I never want to be that person that says "Sorry you can't photoshoot with us because I'm not as good of friends with you as these people I’ve known for the last four years." I never want people to feel left out because they aren't cool enough. Bottom line. But also…I don’t want my friends to go through another week like this. Not because I can’t handle it (this is actually a pretty great week all things considered, and I did have so much fun with these photos!!), but because every single one of my close friends kept going “Jenna can I pay you?” “Jenna you need to sleep!” “Jenna I’m so sorry you have to deal with this!” “Jenna where are we going to photoshoot because people are waiting for us at our location and we don’t feel safe there!” (A sad reality that I think needs to be vocalized.) More than that, I don’t want other people who aren’t necessarily friends with me to come to a convention expecting a free photoshoot or free group photos or whatever just because they’ve seen fifty other people get that opportunity. And I do not want anyone to have hurt feelings or feel unsafe or to have their convention experience ruined just because of some dumb photoshoot.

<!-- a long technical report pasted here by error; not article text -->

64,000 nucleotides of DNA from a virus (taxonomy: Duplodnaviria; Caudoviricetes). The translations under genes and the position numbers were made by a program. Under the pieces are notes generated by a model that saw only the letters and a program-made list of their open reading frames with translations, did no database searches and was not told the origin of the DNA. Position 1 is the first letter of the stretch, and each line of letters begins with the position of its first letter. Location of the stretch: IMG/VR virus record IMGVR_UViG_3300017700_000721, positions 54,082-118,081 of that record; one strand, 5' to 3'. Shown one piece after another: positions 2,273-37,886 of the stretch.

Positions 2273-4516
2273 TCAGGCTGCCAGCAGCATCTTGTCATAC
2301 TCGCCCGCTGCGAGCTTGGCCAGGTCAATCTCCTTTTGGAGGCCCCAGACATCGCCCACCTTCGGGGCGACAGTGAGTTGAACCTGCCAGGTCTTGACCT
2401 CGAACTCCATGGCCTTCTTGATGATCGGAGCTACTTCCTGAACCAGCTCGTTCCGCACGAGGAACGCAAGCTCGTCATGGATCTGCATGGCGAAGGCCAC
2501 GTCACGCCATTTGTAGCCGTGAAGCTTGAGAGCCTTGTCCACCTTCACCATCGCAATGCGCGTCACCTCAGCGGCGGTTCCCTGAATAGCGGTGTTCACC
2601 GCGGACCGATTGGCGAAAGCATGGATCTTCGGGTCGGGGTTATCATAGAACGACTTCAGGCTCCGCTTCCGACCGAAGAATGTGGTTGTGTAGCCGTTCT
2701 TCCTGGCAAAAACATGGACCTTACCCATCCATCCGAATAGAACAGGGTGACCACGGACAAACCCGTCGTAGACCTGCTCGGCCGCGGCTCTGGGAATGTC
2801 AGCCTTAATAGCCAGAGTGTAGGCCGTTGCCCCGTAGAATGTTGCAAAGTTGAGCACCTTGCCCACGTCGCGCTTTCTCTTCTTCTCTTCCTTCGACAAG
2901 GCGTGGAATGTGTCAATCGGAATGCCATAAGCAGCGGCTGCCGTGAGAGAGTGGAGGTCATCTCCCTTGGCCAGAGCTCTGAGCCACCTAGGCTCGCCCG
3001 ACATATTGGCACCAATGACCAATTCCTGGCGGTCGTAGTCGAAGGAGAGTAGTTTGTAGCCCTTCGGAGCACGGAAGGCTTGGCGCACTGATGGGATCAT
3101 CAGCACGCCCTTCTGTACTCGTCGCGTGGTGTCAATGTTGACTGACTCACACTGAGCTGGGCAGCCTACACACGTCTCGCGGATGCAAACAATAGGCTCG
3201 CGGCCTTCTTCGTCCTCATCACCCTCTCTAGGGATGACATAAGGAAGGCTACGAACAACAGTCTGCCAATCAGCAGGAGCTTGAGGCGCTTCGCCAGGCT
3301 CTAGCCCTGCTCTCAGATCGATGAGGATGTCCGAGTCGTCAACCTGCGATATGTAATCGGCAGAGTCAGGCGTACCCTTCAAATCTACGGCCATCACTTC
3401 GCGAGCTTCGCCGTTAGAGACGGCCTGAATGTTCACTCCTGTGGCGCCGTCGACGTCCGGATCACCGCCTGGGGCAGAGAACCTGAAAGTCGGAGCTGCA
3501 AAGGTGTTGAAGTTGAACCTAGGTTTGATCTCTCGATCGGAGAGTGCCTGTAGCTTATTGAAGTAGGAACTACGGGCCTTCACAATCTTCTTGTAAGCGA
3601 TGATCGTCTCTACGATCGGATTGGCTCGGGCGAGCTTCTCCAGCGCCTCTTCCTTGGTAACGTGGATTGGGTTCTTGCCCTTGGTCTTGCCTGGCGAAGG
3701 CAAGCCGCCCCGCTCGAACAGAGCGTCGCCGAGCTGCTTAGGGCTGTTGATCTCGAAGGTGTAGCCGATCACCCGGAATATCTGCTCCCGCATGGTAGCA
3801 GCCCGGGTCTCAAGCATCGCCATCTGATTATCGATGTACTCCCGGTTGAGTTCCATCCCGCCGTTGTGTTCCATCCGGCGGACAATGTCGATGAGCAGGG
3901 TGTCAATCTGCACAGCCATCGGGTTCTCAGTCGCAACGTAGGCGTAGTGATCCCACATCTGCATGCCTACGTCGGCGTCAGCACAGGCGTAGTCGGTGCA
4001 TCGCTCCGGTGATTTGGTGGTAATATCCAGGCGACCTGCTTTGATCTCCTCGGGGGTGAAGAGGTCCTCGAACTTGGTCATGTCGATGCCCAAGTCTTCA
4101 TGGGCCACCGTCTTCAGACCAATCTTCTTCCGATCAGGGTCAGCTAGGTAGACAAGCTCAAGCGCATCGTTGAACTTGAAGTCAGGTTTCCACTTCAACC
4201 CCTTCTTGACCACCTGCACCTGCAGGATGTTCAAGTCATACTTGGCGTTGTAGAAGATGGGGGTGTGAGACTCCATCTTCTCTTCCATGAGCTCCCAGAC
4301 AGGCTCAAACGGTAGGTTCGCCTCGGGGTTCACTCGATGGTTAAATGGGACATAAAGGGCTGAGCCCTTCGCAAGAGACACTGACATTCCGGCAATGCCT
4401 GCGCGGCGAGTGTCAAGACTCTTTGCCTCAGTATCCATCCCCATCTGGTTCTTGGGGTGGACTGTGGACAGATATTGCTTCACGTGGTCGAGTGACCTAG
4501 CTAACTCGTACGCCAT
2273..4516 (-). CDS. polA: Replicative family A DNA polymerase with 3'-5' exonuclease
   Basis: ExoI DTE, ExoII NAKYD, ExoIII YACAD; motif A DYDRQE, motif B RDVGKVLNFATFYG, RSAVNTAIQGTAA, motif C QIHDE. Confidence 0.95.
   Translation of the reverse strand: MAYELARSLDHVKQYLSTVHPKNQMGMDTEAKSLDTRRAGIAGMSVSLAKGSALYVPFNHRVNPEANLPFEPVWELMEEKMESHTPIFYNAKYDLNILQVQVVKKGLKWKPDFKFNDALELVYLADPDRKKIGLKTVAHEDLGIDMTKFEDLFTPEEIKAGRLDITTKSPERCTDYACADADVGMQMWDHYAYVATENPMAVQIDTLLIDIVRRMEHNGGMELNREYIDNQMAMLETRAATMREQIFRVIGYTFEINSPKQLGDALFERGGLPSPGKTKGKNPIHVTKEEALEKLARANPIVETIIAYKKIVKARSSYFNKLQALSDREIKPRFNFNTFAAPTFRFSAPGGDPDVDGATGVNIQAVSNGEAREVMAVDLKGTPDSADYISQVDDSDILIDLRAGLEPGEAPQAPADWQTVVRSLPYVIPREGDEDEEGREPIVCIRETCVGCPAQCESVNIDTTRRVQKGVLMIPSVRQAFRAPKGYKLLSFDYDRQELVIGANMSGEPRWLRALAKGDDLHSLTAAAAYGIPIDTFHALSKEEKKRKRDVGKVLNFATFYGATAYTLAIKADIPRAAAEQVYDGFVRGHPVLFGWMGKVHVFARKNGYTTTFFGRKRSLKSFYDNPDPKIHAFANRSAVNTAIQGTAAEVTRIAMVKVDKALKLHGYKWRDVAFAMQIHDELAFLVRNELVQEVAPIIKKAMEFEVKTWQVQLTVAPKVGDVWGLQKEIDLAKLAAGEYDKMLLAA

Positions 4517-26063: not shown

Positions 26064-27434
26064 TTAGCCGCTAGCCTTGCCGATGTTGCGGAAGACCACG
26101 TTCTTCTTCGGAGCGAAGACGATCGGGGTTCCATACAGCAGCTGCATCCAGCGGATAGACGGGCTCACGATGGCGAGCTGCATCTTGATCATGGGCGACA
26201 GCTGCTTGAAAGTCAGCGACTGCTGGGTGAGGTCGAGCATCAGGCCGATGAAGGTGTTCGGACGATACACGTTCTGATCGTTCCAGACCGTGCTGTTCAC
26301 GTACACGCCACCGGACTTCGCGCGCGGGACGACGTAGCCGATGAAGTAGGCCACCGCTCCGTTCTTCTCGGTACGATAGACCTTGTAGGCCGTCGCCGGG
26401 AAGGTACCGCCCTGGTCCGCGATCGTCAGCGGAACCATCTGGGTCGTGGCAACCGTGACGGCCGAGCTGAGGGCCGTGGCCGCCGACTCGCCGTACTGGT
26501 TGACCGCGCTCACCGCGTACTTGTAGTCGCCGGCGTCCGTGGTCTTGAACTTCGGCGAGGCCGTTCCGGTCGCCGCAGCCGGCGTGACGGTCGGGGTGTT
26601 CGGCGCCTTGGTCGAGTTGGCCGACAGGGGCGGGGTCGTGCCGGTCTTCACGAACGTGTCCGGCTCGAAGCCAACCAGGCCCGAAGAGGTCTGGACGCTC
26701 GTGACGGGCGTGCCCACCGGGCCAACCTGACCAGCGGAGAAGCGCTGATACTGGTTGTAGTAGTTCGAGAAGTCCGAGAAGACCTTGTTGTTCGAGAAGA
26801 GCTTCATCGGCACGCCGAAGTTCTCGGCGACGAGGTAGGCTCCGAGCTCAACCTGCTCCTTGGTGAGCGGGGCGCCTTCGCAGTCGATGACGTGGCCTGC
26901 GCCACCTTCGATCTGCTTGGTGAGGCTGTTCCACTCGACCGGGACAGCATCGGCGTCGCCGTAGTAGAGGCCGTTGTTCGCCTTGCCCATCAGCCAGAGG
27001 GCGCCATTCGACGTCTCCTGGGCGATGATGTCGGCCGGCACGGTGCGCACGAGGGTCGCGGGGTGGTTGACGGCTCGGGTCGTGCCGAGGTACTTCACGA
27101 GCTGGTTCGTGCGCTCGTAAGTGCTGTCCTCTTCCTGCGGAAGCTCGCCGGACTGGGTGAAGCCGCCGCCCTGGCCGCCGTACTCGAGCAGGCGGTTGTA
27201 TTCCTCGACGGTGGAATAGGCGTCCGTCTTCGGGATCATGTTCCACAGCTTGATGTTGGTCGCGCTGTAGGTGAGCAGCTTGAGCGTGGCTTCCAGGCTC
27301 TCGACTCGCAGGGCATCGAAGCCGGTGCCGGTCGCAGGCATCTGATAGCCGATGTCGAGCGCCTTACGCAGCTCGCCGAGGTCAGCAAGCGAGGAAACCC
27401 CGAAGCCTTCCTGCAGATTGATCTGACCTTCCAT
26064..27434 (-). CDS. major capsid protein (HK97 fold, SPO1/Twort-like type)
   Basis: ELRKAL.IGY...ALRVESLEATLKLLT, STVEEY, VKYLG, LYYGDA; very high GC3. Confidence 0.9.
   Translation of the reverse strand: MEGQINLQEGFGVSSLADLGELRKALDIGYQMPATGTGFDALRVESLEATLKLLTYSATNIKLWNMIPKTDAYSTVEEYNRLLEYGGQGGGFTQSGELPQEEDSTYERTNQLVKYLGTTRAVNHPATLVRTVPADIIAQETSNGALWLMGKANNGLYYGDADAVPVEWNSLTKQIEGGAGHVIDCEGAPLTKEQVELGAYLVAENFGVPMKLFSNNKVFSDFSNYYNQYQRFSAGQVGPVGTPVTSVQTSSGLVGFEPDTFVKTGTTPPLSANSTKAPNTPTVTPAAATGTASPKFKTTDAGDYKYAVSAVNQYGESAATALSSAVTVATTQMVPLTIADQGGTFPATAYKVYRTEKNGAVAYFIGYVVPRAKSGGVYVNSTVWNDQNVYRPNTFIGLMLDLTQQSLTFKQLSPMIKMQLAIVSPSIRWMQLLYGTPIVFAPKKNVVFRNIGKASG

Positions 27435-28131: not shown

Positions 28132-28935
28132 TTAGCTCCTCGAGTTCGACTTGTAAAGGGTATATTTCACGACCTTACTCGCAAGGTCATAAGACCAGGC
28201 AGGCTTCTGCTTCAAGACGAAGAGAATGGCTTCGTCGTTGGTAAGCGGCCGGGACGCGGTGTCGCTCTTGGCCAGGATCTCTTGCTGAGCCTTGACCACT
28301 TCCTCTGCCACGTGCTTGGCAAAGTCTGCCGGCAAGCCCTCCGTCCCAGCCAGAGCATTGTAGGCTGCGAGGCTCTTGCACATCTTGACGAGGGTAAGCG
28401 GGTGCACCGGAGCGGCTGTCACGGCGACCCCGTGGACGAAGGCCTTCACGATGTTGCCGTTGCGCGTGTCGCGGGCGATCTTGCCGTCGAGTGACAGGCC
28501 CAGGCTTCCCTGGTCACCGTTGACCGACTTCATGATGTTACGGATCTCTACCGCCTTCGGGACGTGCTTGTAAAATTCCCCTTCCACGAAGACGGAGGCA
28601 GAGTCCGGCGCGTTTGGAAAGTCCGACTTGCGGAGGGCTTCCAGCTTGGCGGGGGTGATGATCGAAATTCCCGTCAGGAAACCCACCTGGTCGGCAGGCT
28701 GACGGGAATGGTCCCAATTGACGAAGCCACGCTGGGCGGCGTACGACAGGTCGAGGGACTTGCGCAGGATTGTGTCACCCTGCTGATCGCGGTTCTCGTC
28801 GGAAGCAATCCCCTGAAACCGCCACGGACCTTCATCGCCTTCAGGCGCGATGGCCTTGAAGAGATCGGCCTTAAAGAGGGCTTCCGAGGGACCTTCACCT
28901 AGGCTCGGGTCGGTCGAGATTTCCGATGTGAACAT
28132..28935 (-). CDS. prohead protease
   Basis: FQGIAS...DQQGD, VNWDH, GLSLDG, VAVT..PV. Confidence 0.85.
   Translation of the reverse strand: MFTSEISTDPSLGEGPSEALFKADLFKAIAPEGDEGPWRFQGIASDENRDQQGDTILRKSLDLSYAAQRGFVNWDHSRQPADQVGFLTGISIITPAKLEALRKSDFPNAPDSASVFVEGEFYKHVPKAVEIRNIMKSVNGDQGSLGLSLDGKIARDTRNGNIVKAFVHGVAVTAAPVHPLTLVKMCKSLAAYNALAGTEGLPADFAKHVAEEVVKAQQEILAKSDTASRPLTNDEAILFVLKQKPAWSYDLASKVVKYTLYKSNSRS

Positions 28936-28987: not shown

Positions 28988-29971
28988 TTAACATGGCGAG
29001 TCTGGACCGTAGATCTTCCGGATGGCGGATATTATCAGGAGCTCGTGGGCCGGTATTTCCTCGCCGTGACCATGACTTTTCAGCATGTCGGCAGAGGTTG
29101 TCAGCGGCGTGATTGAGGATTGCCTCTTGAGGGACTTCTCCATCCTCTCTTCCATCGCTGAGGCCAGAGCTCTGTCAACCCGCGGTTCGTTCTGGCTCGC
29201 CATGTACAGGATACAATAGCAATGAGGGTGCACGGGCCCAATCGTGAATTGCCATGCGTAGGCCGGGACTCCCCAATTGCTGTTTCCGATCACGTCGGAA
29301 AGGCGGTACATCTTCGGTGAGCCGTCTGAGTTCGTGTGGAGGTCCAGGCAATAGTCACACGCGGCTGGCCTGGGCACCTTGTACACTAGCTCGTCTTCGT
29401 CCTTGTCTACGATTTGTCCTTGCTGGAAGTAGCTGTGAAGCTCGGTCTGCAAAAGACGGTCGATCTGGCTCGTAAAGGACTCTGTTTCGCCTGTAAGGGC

At the end of the day, this is all about boundaries. It’s about making sure that everyone is on the same page and we stop beating around the bush. Even though I know some of you may be teenagers and not full-fledged adults, I do know a lot of the people I meet are grown-ass adults. You know how to be respectful of other people. I think we can mostly agree that this community is not malicious. Most of us are not out to hurt other creators or specifically exclude anyone just because we’re feeling petty. It’s not so hard to understand that some people want privacy or that some people have specific friend groups or that sometimes it isn’t your place to attach yourself to a group just because you see the opportunity. Maybe we never set boundaries before because we didn’t need them, but I am putting my foot down right now to say we need to start talking about this. We need boundaries with my photoshoots, but we also need boundaries when it comes to relationships and convention behavior. And good friends, serious friendships, know how to use boundaries in a positive way.

(There’s also a separate discussion that can be had about the boundaries for bigger creators at conventions and how they’re treated, but that doesn’t necessarily fit in with this topic.)